The 2017 Australia Open Tennis tournament had an impressive finish. At the age of 36, Roger Federer became the men’s champion, and 35 year old Serena Williams defeated her 36 year old sister, Venus Williams to become the women’s champion. In the world of professional tennis, a mid-thirties champion is a rarity and to have it happen in both the men’s and women’s divisions is a sign of things to come. Rehabilitation and conditioning science have improved the results athletes can achieve in the gym. Athletes are staying healthier by eating better and training smarter. Take a look at some other recent examples:
Tom Brady, 39 years old. The quarterback for the New England Patriots will be leading his team in Superbowl LI. He is confident he can continue to compete for another five years.
Drew Brees, 38 years old. The starting quarterback for the New Orleans Saints feels he can play for several more years.
Kristin Armstrong, 43 years old. Won a gold medal in cycling at the Rio Olympics at the age of 42. This type of success is amazing in a competition that greatly favors youth.
Dara Torres, 49 years old. This twelve-time Olympic swimmer medallist competed at 41 years of age and won a silver medal in three events at the 2008 Summer Olympics.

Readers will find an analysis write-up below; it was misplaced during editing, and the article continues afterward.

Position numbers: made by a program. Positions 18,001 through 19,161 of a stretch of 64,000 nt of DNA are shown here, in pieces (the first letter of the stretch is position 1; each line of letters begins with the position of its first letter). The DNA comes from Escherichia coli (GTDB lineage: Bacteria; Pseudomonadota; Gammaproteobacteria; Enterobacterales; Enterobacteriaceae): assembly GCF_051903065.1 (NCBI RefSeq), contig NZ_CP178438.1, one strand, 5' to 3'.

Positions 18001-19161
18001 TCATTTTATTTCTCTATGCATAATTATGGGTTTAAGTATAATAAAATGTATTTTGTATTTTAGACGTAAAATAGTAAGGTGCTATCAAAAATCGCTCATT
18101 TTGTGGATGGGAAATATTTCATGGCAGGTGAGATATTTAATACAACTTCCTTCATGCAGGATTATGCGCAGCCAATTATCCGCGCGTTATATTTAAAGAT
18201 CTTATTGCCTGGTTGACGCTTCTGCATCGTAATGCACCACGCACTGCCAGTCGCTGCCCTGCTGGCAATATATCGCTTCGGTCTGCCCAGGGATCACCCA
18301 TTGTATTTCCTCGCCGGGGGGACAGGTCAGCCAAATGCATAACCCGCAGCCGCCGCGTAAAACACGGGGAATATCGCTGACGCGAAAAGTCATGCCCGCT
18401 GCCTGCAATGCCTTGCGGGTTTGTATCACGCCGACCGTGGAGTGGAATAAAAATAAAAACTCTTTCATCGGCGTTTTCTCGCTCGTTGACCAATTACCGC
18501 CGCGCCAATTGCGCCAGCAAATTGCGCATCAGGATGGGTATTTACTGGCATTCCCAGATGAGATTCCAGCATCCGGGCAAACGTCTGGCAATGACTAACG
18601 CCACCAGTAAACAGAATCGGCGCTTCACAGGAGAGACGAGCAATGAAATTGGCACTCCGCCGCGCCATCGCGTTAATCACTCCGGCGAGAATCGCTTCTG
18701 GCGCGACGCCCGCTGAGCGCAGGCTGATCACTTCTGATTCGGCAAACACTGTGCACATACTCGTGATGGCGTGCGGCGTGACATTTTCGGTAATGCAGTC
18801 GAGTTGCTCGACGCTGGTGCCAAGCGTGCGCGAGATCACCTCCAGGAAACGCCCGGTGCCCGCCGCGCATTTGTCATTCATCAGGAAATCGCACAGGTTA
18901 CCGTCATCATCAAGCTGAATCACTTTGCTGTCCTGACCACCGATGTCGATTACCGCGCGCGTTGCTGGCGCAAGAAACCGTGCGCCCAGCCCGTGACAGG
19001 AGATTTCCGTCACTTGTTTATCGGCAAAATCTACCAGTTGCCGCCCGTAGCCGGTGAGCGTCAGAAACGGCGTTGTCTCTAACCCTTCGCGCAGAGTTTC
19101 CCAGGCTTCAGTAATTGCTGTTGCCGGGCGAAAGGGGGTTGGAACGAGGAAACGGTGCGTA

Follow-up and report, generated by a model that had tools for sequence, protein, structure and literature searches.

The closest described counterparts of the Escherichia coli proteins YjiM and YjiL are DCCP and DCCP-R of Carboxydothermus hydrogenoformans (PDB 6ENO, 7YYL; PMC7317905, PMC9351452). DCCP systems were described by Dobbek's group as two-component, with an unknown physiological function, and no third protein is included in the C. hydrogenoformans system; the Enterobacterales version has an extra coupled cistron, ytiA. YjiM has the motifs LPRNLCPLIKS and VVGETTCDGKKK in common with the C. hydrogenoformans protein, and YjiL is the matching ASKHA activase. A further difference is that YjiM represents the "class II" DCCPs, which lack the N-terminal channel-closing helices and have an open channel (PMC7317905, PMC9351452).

Oksana Chusotivina, 41 years old. Oksana is gymnast from Uzbekistan that competed against teenage gymnasts at the Rio Olympics.
Meb Keflezighi, 40 years old. Competed in the Marathon at the Summer Olympics in Rio.
These performances illustrate how proper training and nutrition can produce a high level of performance in athletes thought to be too old to compete. We are all going to get older. It does not mean we are going to get weaker, slower, and more sedentary.
Michael S. O’Hara, PT, OCS, CSCS
REAL WORLD RECOVERY
Many times patients, employers, rehab nurses, athletes, coaches, and insurance companies have unrealistic expectations in regards to rehabilitation recovery times. It falls to the physical therapist to explain the healing and recovery “time line.” These guidelines are applicable to the patient who undergoes a rotator cuff repair, lumbar fusion, tibia plateau fracture, humeral head fracture, etc… Understanding the duration and the level of effort required to fully regain function can keep a patient focused and eliminate disappointment.
If you have systemic health issues such as rheumatoid arthritis, diabetes, etc…. your recovery will take longer. The older you are, the longer your recovery will take. That professional athlete who went back to basketball, three weeks after a knee arthroscopy—he is 24 years old and you are 48 years old. It is going to take you much longer. The weaker you are at injury onset, the longer your recovery will take. If this is a second, third, or fourth injury of the same joint—the recovery will take longer.
Consistency is king in recovery. The individual who follows the program and performs the work will recover sooner. Many patients want to order off the rehab menu—I will have this and this but none of that. In these cases, recovery will take longer and be less effective.